Is spam here to stay?

A new study shows unwanted e-mail is becoming just another annoying fact of life for most people. But that doesn't mean they're not putting up a fight.

Is spam becoming just another annoying fact of life for most people, like congested freeways or telemarketing calls during dinner?

Yes, according to a new Harris Interactive study.

Harris researchers found that fewer people are rating spam as "very annoying." Just 64 percent said so in the company's latest study, a decline from 80 percent in December of last year.

The study, released this week, is the result of two polls of U.S. adults who are online, one that surveyed 3,462 people between May 19 and May 27 of this year, and another that surveyed 655 people between June 10 and June 15.

In the study, author Humphrey Taylor said people may find spam less annoying because they're better equipped to deal with it. "While people may have become more efficient at identifying and deleting spam, this has not in any way reduced their desire to eliminate or reduce it," he wrote.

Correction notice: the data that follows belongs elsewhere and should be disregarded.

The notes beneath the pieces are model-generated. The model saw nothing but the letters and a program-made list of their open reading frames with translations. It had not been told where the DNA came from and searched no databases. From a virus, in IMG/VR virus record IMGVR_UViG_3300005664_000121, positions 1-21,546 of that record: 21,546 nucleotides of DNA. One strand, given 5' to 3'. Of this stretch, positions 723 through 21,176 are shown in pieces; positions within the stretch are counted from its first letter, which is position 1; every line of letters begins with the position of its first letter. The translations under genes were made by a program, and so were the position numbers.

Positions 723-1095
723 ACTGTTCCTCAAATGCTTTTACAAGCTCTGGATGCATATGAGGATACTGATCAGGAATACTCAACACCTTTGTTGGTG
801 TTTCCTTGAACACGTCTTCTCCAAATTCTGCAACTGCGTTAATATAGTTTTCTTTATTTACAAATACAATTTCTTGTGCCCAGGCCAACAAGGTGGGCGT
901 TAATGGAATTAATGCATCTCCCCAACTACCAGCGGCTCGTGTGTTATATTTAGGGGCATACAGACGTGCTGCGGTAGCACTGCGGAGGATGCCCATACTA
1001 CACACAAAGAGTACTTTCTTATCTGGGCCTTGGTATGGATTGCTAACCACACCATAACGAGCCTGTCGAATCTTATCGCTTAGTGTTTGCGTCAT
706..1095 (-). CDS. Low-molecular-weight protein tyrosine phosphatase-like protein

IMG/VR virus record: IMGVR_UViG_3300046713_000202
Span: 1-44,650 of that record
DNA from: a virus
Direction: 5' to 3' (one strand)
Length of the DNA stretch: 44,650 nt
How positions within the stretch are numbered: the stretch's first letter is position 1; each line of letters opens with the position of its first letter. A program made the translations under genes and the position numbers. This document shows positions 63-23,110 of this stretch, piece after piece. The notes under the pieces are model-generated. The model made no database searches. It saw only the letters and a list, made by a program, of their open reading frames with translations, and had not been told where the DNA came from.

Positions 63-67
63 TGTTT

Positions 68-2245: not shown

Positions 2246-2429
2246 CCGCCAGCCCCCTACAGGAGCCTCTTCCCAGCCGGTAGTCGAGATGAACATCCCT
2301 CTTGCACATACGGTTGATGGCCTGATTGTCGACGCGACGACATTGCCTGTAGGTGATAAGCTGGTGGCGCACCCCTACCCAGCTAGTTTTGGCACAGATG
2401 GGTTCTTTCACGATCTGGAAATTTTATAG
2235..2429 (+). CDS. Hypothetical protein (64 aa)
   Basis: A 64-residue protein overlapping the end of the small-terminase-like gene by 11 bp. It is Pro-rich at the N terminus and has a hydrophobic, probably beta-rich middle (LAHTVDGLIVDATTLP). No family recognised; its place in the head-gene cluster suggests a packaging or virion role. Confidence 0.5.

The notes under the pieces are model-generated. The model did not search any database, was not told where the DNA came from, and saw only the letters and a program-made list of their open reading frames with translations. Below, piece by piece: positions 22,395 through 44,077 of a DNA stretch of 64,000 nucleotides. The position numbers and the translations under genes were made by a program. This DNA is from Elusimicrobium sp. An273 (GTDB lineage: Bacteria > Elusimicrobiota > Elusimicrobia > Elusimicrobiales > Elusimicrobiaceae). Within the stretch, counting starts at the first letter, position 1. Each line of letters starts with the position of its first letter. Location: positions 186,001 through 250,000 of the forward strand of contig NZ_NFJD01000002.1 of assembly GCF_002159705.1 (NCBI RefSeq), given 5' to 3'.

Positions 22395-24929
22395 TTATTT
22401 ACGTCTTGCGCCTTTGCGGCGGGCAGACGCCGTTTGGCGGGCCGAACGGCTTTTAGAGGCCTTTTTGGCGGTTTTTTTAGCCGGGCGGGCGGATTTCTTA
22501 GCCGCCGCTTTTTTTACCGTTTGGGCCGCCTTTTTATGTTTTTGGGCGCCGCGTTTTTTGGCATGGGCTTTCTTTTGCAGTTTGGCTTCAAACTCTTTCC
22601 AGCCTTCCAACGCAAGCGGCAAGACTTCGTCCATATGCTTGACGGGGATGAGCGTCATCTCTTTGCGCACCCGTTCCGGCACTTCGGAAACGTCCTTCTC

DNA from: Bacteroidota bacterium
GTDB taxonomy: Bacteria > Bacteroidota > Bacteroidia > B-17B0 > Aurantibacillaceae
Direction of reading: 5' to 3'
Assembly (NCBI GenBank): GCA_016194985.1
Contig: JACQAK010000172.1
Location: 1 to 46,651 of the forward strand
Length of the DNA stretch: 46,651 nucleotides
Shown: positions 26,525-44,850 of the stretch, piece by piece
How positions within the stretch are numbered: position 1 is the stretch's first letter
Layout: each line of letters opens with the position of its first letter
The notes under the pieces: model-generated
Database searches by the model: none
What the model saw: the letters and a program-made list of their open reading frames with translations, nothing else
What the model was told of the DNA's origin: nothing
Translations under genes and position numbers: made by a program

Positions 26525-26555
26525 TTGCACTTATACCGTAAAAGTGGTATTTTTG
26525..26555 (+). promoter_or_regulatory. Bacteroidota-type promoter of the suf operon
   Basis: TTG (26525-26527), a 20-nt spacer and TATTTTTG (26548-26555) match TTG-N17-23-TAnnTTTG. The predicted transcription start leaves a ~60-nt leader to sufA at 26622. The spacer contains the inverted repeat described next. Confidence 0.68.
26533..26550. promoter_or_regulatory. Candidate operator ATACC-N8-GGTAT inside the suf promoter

Although people may be starting to view spam as just one more irritation in their day, they're not necessarily becoming complacent about it. More people than ever hope to render unwanted bulk e-mail illegal. A full 79 percent of respondents said they support legislation outlawing spam, up from 74 percent who said so last December.

Several bills that would restrict spam are moving through Congress, with varying degrees of success.

Respondents said spam accounted for about 40 percent of their e-mail. Some other studies have pegged that figure at more than half. Porn topped the list of annoying spam, followed by messages offering mortgages and prescriptions such as Viagra. Just 31 percent of the people surveyed said they found spam touting computer and hardware products annoying.

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